The November 15, 2019 release of a final rule on Transparency has raised the awareness of transparency. For years this has been a discussion topic in Board Rooms, marketing departments, provider relations departments, etc. Patients have been caught in the lurch when they were surprised by a significant charge after the fact, especially if a particular service was out-of-network or much more expensive than anticipated. Providers have been secretive about the discounted charge they would be willing to accept. Health plans have acted similarly as they create their secret sauce for a competitive network. Provider agreements often prohibit parties from disclosing to outsiders the results of their provider reimbursement negotiations. This secrecy has resulted in demands for transparency. But is it a real or imagined issue? This article will discuss transparency and the need for it from multiple perspectives.
Billed vs. Allowed Charges
Health care providers are somewhat unique in today’s business world. Providers, both professional and institutional, live in a world of both billed and allowed charges. Billed charges are almost always discounted to a lower level (the allowed) depending upon who writes the claim check. If government funded (i.e., Medicare or Medicaid), the allowed level involves a substantial discount. Medicaid usually gets the biggest discount, in some states exceeding a 75% discount. Medicare obtains at least a 50% – 60% discount in most markets. The private sector rarely obtains discount as large as Medicare often settling for 30% – 40% discounts. Unlike the traditional marketplace where everyone pays the same price, health care providers confuse the already confused public by having multiple prices for the same service. They are not alone. For example, airlines and hotels also vary prices based upon the website used to book a flight or room.
Unlike the traditional marketplace where everyone pays the same price, health care providers confuse the already confused public by having multiple prices for the same service.
Significant resources are required to maintain the variable price world. Health plans employ large departments to negotiate charges. Providers employ many and retain consultants to assist in their reimbursement negotiations. As the health plans try to push prices down, the providers work hard to keep the prices as high as they can.
The mystery this intense negotiation process in itself creates confusion in the market. No one is able to openly tell their publics what things will cost. This is further complicated by the extreme complexity of the health care system. There are thousands of items and services that can be provided to patients and this often varies from one patient to the next. Some have compared this to a giant restaurant buffet line where each item has its own price. There are few all you can eat for the same price menus. With the advent of bundled prices, providers and payers are attempting to minimize the variance.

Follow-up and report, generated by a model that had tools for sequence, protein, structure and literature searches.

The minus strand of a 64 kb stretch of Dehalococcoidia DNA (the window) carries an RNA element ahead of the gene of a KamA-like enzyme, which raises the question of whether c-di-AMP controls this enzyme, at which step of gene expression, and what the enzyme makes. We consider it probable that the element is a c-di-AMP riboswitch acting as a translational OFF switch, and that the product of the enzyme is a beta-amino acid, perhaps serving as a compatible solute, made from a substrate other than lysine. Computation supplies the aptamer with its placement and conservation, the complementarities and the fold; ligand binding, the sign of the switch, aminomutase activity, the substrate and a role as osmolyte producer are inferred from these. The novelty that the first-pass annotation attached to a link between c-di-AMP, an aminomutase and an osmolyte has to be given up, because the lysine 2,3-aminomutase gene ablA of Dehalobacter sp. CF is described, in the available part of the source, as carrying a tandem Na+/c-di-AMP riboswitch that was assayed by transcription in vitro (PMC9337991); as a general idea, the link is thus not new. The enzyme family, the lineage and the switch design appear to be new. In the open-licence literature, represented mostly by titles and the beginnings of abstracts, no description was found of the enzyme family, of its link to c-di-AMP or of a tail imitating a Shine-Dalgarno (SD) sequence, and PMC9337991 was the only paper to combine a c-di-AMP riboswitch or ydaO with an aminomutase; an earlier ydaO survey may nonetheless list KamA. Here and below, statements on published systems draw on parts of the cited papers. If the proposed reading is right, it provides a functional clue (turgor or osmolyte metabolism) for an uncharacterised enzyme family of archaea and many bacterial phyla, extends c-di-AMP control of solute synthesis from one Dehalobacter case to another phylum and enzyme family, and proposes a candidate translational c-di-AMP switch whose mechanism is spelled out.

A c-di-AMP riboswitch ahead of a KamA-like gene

In vs. Out of Network
Complicating the already complex and numerous prices for different services, is the impact of being in or out of network. If a provider is in the network, the patient copays and out of pocket amounts are usually smaller (a better deal for the patient). If out of network, the patient often has to pay more since the payer was not able to negotiate a favorable price with the provider. The patient pays most of the difference between what the provider wanted to be paid and what the health plan was willing to pay.
Even when a patient chooses an in-network provider to provide the service, they often encounter someone involved in the care that is out-of-network. The most common example of this is an in-network emergency room with out-of-network ER physicians. The patient can be surprised with the bill from one or more of the providers who were not in the network. This also happens with some outpatient surgery centers. I remember when my wife was having an outpatient procedure performed by a carefully selected in-network surgeon who just happened to do his outpatient surgery at an out-of-network surgery center. When we checked in, I thought I would confirm they were in-network. To my surprise they weren’t. At this point we were minutes away from my wife being rolled into the surgery bay and I learn they were out of network. What do we do? At least it was prior to surgery. Without any negotiation on my part they said not to worry, they would write off the excess charges. They just didn’t want to be in the network of the health plan we were covered by. This turned out positive to me but it was confusing and I spend my work-life in the health care field. I pity the poor patient who didn’t know enough to ask and whether or not they would have enjoyed the same privilege.